first_imgKroc Institute Luce Visiting Professor of Religion, Conflict and Peacebuilding SherAli Tareen delivered a lecture titled “Beyond Good Muslim/Bad Muslim: Debating the Boundaries of Innovation in Islam” on Tuesday afternoon at the Hesburgh Center for International Studies. Tareen focused on polemics over the ethical question of “bid’a,” or heretical innovation, among two major modern Muslim reform movements in South Asia: the Deobandis and Barelvis. The lecture began with a brief overview of the two major reform movements: the Deobandis and the Barelvis. Tareen said both are Sunni groups in India and that, being so similar, it made the polemics “bitter and more caustic because they were so personal.” He elaborated on the groups and explained how the two are usually assigned to a binary with the stereotypically more law-focused Deobandis on one end and the stereotypically more peaceful and mystical Barelvis on the other.“This kind of binary is intimately intertwined with the larger discourse of, which today is a very insidious and well-funded discourse, of what we might call the good Muslim-bad Muslim discourse,” he said. “Goodness is often measured by what is most proximate to a modern Western interpretation of what is a legitimate religion and, frankly, what is most conducive to American foreign policy at that moment in time.” Tareen said innovation in Islam refers to changes within Islam itself.“‘Bid’a,’ or heretical innovation, is the inverse of what is known as the normative model of the prophet, or sunna,” he said. “‘Bid’a’ consists of new, unsanctioned practices.” To explain the differences in the Deobandi and Barelvi definitions of “bid’a,” Tareen used the definitions as defined by two Hanafi Muslim jurists and Sufi masters who were involved in the founding of both groups. Quoting Ashraf ‘Ali Thanvi, one of the founders of the Deoband Madrasa, Tareen said, “Bid’a” is an innovated practice in religion that simulates the “sharia” in the intensity and discipline in which it is undertaken. “In other words, such conventions were kept alive and perpetuated by the invisible pressure to societal expectations and norms, rather than to divine law and divine will,” Tareen said. He added something can be considered heretical when it’s treated as being obligatory without a historical context to back it up. Tareen also read an extract from the writings of Ahmad Raza Khan, the founder of the Deobandi school, on “Bid’a,” which compared Islam to Muhammad’s garden which he said becomes “blanketed with breathtaking flowers, leaves and fountains, as each generation of scholars and saints added new layers of beauty to what they had inherited from their predecessors.” “Unless a practice was forbidden in Muslim law, ‘sharia,’ that practice is permissible,” Tareen said. “In other words, the default value of practices that have not been explicitly forbidden in the ‘sharia’ was that of permissibility.” Ultimately, Tareen said that by trying to compare the two groups within the context of a binary was harmful and fails to fully explain the traditions of each. “Rather than approaching debates on normative practice through the lens of a law-Sufism binary, or other binaries like good Muslim-bad Muslim, liberal-conservative and so forth, it might be more productive to look at the internal logics within the tradition,” he said.Tags: International studies, Islam, Kroc Institute, lecturelast_img read more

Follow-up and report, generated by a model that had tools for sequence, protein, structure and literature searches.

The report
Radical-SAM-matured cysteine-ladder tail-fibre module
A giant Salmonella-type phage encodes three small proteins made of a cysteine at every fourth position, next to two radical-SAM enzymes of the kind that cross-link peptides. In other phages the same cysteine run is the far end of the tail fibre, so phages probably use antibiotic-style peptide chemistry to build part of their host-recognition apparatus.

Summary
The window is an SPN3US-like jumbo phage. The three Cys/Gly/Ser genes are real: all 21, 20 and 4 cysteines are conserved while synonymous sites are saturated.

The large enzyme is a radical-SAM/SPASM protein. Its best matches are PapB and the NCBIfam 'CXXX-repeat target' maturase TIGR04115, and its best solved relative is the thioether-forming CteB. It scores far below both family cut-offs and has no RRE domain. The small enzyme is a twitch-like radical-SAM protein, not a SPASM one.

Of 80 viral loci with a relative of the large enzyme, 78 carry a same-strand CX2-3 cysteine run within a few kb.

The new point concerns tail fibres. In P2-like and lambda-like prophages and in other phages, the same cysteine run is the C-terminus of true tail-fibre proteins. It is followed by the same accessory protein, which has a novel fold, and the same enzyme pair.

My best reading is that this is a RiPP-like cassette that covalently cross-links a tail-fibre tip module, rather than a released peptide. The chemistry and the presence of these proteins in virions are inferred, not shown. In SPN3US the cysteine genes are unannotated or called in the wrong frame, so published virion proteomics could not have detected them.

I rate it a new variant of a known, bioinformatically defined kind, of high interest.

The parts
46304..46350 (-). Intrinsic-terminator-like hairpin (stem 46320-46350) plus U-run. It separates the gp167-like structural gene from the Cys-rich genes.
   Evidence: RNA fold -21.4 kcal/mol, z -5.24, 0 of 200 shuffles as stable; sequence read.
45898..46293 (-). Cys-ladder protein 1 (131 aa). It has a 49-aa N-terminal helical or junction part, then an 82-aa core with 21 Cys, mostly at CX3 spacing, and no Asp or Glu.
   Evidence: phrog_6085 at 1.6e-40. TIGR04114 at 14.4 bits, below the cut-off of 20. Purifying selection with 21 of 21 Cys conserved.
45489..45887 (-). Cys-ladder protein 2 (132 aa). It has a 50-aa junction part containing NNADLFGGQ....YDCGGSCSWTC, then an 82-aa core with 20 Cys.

Associate provost named finalist in Miami University (Ohio) president search